The building was erected in 1836. The sheer size of the building and its' close proximity to the Ohio River and railways made it a desired storage location for the bodies of soldiers killed during the Civil War. A train station was located directly next door as well. During the Civil War, the bodies of soldiers would be brought up the Ohio River from the south on barges and off loaded into the building. Barges from the north would arrive and pick up the bodies and transport them to Pittsburgh, New York, Boston, etc. The trains would do this as well, utilizing the building as temporary storage. It is understood that thousands of bodies were stored in the building during the years of the Civil War. The building eventually became a General Store and hosted barges and river workers during that time.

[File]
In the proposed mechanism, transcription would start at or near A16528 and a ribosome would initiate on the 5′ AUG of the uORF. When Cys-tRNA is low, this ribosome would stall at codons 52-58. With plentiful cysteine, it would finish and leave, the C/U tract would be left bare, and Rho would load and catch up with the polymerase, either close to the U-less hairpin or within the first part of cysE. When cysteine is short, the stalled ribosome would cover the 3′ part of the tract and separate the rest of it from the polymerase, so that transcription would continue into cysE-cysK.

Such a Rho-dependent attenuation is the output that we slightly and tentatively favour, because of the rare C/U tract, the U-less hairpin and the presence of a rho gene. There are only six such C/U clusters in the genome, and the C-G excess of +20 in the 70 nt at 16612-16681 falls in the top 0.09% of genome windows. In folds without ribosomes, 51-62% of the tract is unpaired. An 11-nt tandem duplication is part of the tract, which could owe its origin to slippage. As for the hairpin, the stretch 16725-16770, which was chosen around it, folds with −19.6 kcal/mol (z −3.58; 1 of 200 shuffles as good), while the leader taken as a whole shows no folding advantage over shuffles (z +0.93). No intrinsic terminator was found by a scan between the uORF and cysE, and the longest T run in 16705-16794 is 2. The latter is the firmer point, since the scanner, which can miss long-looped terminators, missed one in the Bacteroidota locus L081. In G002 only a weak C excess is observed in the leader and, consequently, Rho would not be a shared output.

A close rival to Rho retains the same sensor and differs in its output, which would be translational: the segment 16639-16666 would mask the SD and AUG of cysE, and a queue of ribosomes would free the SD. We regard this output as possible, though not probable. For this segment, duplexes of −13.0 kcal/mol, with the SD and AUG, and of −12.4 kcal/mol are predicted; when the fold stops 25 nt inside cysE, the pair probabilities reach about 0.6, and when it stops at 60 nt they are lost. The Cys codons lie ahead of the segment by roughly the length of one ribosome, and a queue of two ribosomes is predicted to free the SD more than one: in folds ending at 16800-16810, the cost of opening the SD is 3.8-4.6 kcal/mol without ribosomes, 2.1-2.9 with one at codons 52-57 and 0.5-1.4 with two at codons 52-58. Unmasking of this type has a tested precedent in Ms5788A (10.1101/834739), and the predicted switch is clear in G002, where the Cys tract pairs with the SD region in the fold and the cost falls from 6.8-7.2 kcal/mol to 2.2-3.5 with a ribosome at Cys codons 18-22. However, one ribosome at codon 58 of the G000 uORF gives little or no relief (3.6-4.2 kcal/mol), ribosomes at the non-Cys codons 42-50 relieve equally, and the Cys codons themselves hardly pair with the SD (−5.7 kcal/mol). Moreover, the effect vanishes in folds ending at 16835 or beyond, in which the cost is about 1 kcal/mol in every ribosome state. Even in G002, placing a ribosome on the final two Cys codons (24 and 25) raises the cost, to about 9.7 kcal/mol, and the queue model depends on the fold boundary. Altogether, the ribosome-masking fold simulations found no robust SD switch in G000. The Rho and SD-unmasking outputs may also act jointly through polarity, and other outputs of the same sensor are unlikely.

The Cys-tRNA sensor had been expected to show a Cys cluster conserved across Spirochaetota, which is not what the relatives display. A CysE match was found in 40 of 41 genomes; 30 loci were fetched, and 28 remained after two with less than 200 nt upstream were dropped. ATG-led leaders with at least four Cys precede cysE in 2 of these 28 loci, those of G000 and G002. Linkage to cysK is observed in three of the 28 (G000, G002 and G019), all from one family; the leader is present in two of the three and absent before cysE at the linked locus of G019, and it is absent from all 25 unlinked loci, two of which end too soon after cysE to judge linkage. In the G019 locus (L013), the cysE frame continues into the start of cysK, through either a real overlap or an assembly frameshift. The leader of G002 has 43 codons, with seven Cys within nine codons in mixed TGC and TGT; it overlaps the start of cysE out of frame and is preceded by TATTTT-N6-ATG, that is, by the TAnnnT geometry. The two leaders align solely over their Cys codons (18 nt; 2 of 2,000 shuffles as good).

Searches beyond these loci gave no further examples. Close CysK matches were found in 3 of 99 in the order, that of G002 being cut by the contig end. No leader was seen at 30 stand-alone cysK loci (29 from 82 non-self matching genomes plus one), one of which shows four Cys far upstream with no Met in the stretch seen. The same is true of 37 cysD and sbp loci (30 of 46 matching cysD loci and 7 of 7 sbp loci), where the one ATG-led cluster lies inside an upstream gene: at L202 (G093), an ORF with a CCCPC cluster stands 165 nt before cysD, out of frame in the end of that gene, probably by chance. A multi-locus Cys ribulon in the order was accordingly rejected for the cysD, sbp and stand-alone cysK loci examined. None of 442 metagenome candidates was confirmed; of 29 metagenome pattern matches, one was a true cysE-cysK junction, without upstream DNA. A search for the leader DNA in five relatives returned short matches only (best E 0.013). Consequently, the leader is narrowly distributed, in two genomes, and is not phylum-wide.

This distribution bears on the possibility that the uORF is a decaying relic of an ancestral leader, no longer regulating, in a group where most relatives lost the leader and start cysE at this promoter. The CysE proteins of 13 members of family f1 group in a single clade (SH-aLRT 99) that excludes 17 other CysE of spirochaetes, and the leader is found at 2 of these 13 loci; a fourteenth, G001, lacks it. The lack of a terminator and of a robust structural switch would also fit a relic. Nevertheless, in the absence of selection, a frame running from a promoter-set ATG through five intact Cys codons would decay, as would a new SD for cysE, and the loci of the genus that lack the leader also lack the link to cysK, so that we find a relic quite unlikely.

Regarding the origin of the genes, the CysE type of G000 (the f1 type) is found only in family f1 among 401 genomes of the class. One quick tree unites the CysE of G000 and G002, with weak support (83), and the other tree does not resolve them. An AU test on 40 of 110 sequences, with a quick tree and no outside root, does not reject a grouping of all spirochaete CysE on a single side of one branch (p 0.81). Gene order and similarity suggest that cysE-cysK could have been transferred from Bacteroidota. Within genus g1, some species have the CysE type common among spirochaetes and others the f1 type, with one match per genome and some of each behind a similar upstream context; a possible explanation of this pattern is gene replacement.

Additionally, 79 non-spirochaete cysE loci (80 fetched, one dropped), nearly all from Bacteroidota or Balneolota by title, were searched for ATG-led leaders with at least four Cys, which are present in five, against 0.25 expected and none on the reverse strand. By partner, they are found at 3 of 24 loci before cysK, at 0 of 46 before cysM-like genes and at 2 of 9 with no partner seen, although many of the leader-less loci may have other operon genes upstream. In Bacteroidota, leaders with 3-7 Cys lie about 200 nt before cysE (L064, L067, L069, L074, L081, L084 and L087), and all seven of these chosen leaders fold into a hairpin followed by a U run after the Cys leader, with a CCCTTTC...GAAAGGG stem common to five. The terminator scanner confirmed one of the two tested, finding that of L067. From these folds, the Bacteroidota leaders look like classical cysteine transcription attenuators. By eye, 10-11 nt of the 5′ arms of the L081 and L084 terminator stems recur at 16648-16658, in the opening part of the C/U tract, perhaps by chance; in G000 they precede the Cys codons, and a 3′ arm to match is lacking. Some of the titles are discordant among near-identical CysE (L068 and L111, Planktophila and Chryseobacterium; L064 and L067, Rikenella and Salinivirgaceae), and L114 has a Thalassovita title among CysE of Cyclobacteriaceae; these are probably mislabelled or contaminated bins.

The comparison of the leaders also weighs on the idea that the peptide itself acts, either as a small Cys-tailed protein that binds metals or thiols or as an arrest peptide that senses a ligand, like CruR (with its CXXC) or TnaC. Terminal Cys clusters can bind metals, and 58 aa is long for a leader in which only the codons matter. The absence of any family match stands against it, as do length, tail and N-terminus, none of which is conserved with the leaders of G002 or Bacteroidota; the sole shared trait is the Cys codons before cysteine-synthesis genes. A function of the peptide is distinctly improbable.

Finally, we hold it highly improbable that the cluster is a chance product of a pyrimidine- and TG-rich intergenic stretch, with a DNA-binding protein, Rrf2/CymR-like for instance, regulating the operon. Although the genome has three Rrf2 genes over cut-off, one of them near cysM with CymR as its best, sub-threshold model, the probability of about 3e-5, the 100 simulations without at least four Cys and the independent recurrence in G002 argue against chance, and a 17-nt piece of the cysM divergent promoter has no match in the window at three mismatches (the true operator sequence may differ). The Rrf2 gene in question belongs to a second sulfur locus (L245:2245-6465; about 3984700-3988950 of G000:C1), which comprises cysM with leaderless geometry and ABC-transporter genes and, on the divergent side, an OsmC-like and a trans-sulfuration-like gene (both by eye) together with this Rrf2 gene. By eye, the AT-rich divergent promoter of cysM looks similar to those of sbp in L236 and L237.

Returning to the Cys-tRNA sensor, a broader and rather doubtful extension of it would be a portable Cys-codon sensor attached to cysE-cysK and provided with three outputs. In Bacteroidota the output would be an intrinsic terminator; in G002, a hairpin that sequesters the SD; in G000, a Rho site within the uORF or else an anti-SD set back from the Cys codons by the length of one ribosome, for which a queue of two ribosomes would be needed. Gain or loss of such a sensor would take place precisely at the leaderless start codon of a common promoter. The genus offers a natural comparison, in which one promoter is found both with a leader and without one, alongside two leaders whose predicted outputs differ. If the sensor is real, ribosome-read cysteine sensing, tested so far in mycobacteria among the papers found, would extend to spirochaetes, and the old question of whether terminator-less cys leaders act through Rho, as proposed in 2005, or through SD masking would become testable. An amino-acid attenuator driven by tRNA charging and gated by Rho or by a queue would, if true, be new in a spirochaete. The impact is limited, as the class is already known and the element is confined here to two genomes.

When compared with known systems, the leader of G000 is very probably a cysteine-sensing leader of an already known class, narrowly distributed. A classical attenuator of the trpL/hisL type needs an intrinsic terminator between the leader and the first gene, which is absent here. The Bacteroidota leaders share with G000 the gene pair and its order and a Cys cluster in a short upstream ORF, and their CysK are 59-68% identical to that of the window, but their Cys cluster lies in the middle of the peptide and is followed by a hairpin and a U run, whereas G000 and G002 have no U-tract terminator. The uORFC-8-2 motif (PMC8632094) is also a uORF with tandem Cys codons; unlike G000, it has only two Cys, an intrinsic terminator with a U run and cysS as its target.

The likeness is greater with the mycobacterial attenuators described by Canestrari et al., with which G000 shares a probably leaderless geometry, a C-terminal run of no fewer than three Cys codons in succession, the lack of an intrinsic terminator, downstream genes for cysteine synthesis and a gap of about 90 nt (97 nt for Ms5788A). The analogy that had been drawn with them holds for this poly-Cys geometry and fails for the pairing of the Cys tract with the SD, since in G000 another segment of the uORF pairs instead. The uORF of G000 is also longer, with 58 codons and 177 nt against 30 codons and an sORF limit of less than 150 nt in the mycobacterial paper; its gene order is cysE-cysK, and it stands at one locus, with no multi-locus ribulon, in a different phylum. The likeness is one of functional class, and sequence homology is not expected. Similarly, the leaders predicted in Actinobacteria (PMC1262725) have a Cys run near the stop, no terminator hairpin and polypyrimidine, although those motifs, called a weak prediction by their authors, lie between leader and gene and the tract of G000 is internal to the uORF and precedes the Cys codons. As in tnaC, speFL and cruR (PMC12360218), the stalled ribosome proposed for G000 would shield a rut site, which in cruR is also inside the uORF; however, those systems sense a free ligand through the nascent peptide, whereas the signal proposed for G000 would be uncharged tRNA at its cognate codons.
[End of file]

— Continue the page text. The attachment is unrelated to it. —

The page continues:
At some point it became a furniture store before becoming a heating and cooling establishment. It frequently became the temporary home of transients and other men and women who used the Ohio River as a mode of travel. People who used to be employed by the businesses in the building, those still remaining alive, recall strange sounds and eerie feelings throughout their employment. One morning in the early 1880's Mr. James L. Cox, returning home from work in Mingo, found a dead man on the railroad tracks just above town (behind the new building). I was the first person he saw and when he told me about it I wanted to see him also. When the 8 A.M. train came in I got a good look at the body. It was W. H. Steen, a burglar. He had all his burglar tools with him when he was killed. He had been drinking excessively the night before in one of the local saloons and became very inebriated. It being winter the body was kept in the freight depot for two days, swung from the rafters by a rope passed around under the shoulders and arms and another under the legs at the knees. The corpse was placed in a box on Sunday for the trip to the cemetery. The coffin was at least ten feet long and four feet square. It was an old crate that had fruit trees shipped in it. It was also learned that a worker was killed while on the clock. His family remains in the area and, out of respect, the circumstances behind the death and his name will not be made public.
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